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Bernie Sanders: America Is Drowning in Student Debt. Here’s My Plan to End It

July 9, 2019, 3:00 PM UTC

A decade ago, America committed trillions of dollars to bail out Wall Street banks, whose greed had cratered the economy. Now, it is time to commit a fraction of that to cancel the student debt that is crushing 45 million Americans and dragging down our economy.

Let’s be clear: The younger generation was dealt an enormous blow by the Wall Street crash of 2008 and the Great Recession that followed. Millions of them saw their parents lose their jobs, homes, and life savings because of the greed, recklessness, and illegal behavior of a handful of financial executives. 

While those financial executives were rescued by the government, young people were told to lift themselves up by their own bootstraps—specifically, by getting a higher education. But as financial support from state governments declined, millions of them graduated college or dropped out of college with suffocating and oppressive debt.

In the wealthiest country in human history, it does not have to be this way—and in fact, it was not this way for earlier generations.

In 1944, as World War II was coming to an end, the U.S. government did the right thing and passed the G.I. Bill, which made free higher education available to all those who served in the Armed Forces. That act not only improved the financial well-being of the Greatest Generation, but it also laid the groundwork for the biggest expansion of the American middle class in modern history.  

A half-century ago, the cost of attending some of our best public colleges and universities was virtually free. And 40 years ago, the maximum federal Pell Grant paid for nearly 80% of tuition, fees, room, and board at a four-year public college.

By contrast, today it costs over $21,000 a year to attend those same schools, and maximum Pell Grants cover only about 30% of those expenses. 

That means the average college senior graduates with over $30,000 in student debt—and more and more, this debt lasts a lifetime. Since 2004, the number of Americans 60 and over with student loan debt has more than quintupled—from 600,000 to 3.2 million—and tens of thousands of older borrowers have had their Social Security benefits seized by the government to pay for student loans. 

Not surprisingly, at a time when workers’ real wages have stagnated, this debt hits students from lower income and minority families the hardest. 

One 2013 study found that students from families making between $40,000 and $59,000 a year racked up $13,000 more debt than did those from wealthier families who make $150,000 or more a year. Meanwhile, upon graduating African Americans have about $7,400 more in student debt than white graduates do, and just four years after graduating, the debt gap widens to nearly $25,000.  

It is not merely immoral to doom an entire generation to endless educational debt—it is also bad for our economy. 

The Federal Reserve reported that in 2014 alone, student loan debt prevented 400,000 young Americans from purchasing homes. Karthik Krishnan, a professor at Northeastern University who specializes in student debt, told CNBC last year that people with $30,000 in student loan debt are 11% less likely to start businesses than are those without debt.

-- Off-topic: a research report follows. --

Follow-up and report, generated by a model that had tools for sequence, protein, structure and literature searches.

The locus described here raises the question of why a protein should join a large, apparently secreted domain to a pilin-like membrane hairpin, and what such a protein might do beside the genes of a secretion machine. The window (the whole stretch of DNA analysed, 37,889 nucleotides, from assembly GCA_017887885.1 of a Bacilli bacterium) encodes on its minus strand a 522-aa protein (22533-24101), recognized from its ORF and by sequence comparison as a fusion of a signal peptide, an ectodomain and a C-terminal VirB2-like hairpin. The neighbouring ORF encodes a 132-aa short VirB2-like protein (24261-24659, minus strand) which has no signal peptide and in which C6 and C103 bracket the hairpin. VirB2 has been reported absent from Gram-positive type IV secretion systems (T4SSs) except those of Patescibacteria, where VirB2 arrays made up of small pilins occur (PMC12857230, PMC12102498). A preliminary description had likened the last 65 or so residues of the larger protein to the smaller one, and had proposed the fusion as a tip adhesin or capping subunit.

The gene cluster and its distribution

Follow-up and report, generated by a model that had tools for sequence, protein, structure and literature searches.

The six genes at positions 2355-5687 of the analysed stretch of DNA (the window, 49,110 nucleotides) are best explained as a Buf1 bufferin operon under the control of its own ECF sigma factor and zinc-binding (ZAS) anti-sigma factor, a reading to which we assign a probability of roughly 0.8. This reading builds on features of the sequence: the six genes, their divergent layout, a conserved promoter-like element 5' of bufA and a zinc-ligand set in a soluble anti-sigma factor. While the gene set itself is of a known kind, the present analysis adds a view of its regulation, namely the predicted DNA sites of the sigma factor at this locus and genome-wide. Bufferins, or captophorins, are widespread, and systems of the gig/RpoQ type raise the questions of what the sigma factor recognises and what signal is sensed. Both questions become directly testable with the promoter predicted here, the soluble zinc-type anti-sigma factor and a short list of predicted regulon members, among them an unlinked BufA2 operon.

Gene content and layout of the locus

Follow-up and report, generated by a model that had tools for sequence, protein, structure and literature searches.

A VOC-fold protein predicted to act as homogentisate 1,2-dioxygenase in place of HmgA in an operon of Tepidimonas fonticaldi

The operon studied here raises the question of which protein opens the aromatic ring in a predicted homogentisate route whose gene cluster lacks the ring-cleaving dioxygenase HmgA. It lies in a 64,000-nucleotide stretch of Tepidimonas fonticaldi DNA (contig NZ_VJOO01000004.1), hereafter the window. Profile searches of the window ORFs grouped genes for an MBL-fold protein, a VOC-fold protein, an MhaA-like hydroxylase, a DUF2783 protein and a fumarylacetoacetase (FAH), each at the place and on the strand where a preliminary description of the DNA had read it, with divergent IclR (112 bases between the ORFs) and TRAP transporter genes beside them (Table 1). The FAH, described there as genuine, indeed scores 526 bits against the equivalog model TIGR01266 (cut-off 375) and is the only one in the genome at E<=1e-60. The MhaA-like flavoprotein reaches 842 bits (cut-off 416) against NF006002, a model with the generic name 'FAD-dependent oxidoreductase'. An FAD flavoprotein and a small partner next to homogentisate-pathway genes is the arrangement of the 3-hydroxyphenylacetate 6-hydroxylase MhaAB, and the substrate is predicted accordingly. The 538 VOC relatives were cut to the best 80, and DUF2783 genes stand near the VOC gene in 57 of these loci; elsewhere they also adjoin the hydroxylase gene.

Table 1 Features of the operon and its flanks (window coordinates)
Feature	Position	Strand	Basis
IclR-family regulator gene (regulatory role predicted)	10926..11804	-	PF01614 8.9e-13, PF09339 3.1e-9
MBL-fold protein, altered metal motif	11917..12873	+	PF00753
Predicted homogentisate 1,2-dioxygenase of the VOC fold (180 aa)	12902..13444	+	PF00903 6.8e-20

“You do stand to see longer-term negative effects on people who can’t pay off their student loans,” Federal Reserve Chair Jerome Powell told Congress in March 2018. “It hurts their credit rating; it impacts the entire half of their economic life.”

Under our legislation to cancel all $1.6 trillion of student debt, the economy would get a boost of approximately $1 trillion over the next decade and up to 1.6 million new jobs would be created each year, according to a report from the Levy Economics Institute of Bard College. At the same time, millions of Americans would have the financial resources they need to buy new homes, buy new cars, or open up small businesses.

Moving forward, our legislation will also make every public college and university, historically black college and university, trade school, and apprenticeship program in America tuition-free and debt-free, because we understand that education must be an economic right for all, not a privilege for the few.

Of course, doing all of this will take resources—and that is where Wall Street comes in. We will pay for this initiative by imposing a tax on Wall Street speculators, similar to what exists in dozens of other advanced economies. Ten years ago, the working class bailed out Wall Street. Now, it’s Wall Street’s turn to pay them back.  

If we do not act boldly, our younger generation will have a lower standard of living than their parents and grandparents did. We cannot let that happen.

It is time to end the absurdity of sentencing an entire generation—the millennial generation—to a lifetime of debt for the “crime” of doing the right thing: getting a college education.

Wall Street will almost certainly fight us at every turn, as will the student loan servicers who make big profits off the status quo. But I am confident that if we stand together and build a grassroots movement, we can treat education the way we should: as an inalienable human right.

Bernie Sanders is the junior U.S. senator from Vermont and a Democratic candidate for president.

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